When Was Standstill Agreement Signed

On October 15, 2021 by heart

Some indigenous leaders of the princely states tried to buy time by declaring that they would sign the status quo agreement, but not the instrument of accession, until they had time to decide. In response, the Indian government took the position that it would only sign status quo agreements with states that had acceded to them. [4] On August 15, 1947, the fixed date and day of India`s independence, all the princely states within India, within India, within India, within four, signed both the instrument of accession and the status quo agreement with India. [4]. The exceptions were Hyderabad, a large state in central South India, which was expanded by two months, and three small states in Gujarat: Junagadh and its subsidiaries (Mangrol and Babariawad). [5] According to K.M. Munshi, who was appointed Indian agent general in Hyderabad, the Indians felt that the conclusion of a status quo agreement with Hyderabad meant that India had lost control of Hyderabad`s affairs. The Hyderabad State Congress rejected it because it was seen by the Indian government as a sign of weakness. [16] V. P. Menon said Nizam and his advisers see the deal as a respite in which Indian troops would be withdrawn and the state could build its position to assert its independence.

[17] The new delegation obtained only minor amendments to the previous draft agreement. [12] It stipulated that all administrative agreements and arrangements that existed at the time between the British Crown and Nizam would continue to exist with the Indian government. These include defence, foreign affairs and communication (the three issues normally dealt with in the instrument of accession). Agents would be exchanged between Hyderabad and India. The Indian government has agreed to relinquish the functions of precedence. The standstill agreement should remain in force for a period of one year. [13] The agreement was signed by Nizam on November 29, 1947. [14] Two key documents that are supposed to be attractive to the leaders of the princely states. The first was the status quo agreement and the second was the instrument of accession. The status quo agreement, which confirmed that the practices and arrangements that existed between the princely states and British India would henceforth be continued by independent India.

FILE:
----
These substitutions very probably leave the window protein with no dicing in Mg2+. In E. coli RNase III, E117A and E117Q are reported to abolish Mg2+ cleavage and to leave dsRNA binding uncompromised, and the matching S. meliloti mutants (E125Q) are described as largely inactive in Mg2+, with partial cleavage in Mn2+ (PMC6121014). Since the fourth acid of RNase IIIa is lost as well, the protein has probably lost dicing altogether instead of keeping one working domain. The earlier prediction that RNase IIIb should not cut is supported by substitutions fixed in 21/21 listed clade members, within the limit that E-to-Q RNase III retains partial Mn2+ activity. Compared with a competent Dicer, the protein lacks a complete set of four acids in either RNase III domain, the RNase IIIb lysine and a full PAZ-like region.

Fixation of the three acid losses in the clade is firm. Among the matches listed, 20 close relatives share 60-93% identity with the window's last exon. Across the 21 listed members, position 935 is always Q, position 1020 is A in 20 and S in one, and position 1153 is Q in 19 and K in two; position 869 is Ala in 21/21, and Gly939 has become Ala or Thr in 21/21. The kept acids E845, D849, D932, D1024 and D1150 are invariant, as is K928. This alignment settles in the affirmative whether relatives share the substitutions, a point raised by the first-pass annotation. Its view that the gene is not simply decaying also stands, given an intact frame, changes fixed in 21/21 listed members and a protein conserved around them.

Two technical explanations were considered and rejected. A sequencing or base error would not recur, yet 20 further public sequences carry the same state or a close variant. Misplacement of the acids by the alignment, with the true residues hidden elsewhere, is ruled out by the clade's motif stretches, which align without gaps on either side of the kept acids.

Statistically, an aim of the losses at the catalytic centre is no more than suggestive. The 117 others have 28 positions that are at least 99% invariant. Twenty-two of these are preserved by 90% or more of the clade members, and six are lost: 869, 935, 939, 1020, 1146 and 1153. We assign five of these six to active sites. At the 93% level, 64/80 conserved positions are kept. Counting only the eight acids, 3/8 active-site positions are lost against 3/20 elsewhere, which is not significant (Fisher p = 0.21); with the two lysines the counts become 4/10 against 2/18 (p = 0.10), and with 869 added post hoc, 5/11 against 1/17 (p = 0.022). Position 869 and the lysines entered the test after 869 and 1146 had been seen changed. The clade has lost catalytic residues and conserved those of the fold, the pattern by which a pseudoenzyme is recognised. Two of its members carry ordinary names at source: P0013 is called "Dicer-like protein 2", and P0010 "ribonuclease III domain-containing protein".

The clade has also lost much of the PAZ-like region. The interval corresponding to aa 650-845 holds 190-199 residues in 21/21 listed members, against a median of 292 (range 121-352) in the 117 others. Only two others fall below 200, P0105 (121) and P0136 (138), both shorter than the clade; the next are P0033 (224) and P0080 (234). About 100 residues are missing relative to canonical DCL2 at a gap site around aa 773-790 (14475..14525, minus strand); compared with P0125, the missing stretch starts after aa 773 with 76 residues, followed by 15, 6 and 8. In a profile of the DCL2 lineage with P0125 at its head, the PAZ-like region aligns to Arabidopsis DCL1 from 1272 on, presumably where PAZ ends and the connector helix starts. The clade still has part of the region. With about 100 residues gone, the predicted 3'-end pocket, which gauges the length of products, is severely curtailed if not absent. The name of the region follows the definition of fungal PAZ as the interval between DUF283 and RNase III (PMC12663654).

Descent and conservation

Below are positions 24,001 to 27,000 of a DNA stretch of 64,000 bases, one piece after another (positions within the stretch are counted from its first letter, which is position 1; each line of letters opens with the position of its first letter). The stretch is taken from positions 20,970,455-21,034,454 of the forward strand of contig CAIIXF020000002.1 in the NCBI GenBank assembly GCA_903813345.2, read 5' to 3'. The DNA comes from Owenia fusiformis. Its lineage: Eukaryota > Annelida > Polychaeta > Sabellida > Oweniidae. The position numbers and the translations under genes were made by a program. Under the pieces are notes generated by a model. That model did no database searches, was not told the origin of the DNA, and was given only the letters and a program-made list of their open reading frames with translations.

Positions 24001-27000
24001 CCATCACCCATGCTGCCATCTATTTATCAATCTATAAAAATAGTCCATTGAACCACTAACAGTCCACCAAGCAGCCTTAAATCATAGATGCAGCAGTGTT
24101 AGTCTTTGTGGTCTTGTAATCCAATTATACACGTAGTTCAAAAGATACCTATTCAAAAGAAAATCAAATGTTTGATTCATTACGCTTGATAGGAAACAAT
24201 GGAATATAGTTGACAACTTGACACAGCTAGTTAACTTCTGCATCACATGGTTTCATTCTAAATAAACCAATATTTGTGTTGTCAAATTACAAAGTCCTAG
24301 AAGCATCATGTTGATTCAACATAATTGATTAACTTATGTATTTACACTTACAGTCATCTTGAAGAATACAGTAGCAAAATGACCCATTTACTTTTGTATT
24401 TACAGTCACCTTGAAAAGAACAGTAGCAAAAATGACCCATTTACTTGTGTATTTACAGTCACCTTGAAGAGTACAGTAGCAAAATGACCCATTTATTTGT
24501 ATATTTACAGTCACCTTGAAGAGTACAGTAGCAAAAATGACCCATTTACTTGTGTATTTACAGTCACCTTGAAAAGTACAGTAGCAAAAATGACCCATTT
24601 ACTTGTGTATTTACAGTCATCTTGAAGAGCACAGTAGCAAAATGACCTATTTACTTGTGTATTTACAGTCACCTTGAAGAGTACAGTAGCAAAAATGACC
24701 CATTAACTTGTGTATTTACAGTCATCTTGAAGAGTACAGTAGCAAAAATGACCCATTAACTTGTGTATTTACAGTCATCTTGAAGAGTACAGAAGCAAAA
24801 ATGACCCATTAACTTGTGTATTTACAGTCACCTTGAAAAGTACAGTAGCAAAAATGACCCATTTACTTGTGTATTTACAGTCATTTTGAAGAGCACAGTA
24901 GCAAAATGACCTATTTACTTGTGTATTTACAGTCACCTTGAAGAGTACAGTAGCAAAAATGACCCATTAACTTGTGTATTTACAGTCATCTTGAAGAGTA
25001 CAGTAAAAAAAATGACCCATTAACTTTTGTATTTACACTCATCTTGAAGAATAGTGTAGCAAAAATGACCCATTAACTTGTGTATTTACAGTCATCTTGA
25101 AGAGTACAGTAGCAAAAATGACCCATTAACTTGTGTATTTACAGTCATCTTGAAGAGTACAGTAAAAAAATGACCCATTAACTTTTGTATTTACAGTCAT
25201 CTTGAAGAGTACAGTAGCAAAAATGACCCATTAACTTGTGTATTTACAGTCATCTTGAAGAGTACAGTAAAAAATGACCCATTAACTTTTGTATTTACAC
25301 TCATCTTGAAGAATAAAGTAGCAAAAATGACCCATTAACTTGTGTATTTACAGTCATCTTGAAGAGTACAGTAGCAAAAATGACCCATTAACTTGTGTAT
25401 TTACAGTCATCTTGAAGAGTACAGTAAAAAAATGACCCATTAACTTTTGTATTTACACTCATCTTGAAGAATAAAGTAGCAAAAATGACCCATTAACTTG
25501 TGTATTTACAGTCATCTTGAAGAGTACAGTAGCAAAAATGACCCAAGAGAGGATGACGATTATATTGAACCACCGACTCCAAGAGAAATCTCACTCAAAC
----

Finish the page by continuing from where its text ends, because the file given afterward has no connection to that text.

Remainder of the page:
Instrument of accession by which the sovereign of the princely states approved the accession of his kingdom to independent India. The nature of the subject varied. The state of Jammu and Kashmir, which joined India and Pakistan, decided to remain independent. She proposed to sign status quo agreements with the two gentlemen. Pakistan immediately agreed, but India called for further talks. The draft status quo agreement was formulated on 3 June 1947 by the political department of the British-Indian government. The agreement provided that all administrative arrangements of “common interest” that existed at the time between the British Crown and a particular signatory state would continue unchanged between the signatory rule (India or Pakistan) and the state until new arrangements were concluded. Issues of common interest have been defined in a separate timetable.

During the discussion, Jawaharlal Nehru, India`s future prime minister, doubted that the deal only covers “administrative” issues. Mohammad Ali Jinnah, the future governor-general of Pakistan, said he believed this should be the case. [2] The instrument of accession signed by the Maharaja with his own unique clauses was considered an almost temporary agreement between J&K and India, but just like other princely states, namely Hyderabad and Travancore, had its own clauses that were included in their instruments of accession, which were watered down in due course, and these princely states fully acceded to the Constitution of India, as well as J&K`s membership clauses. .

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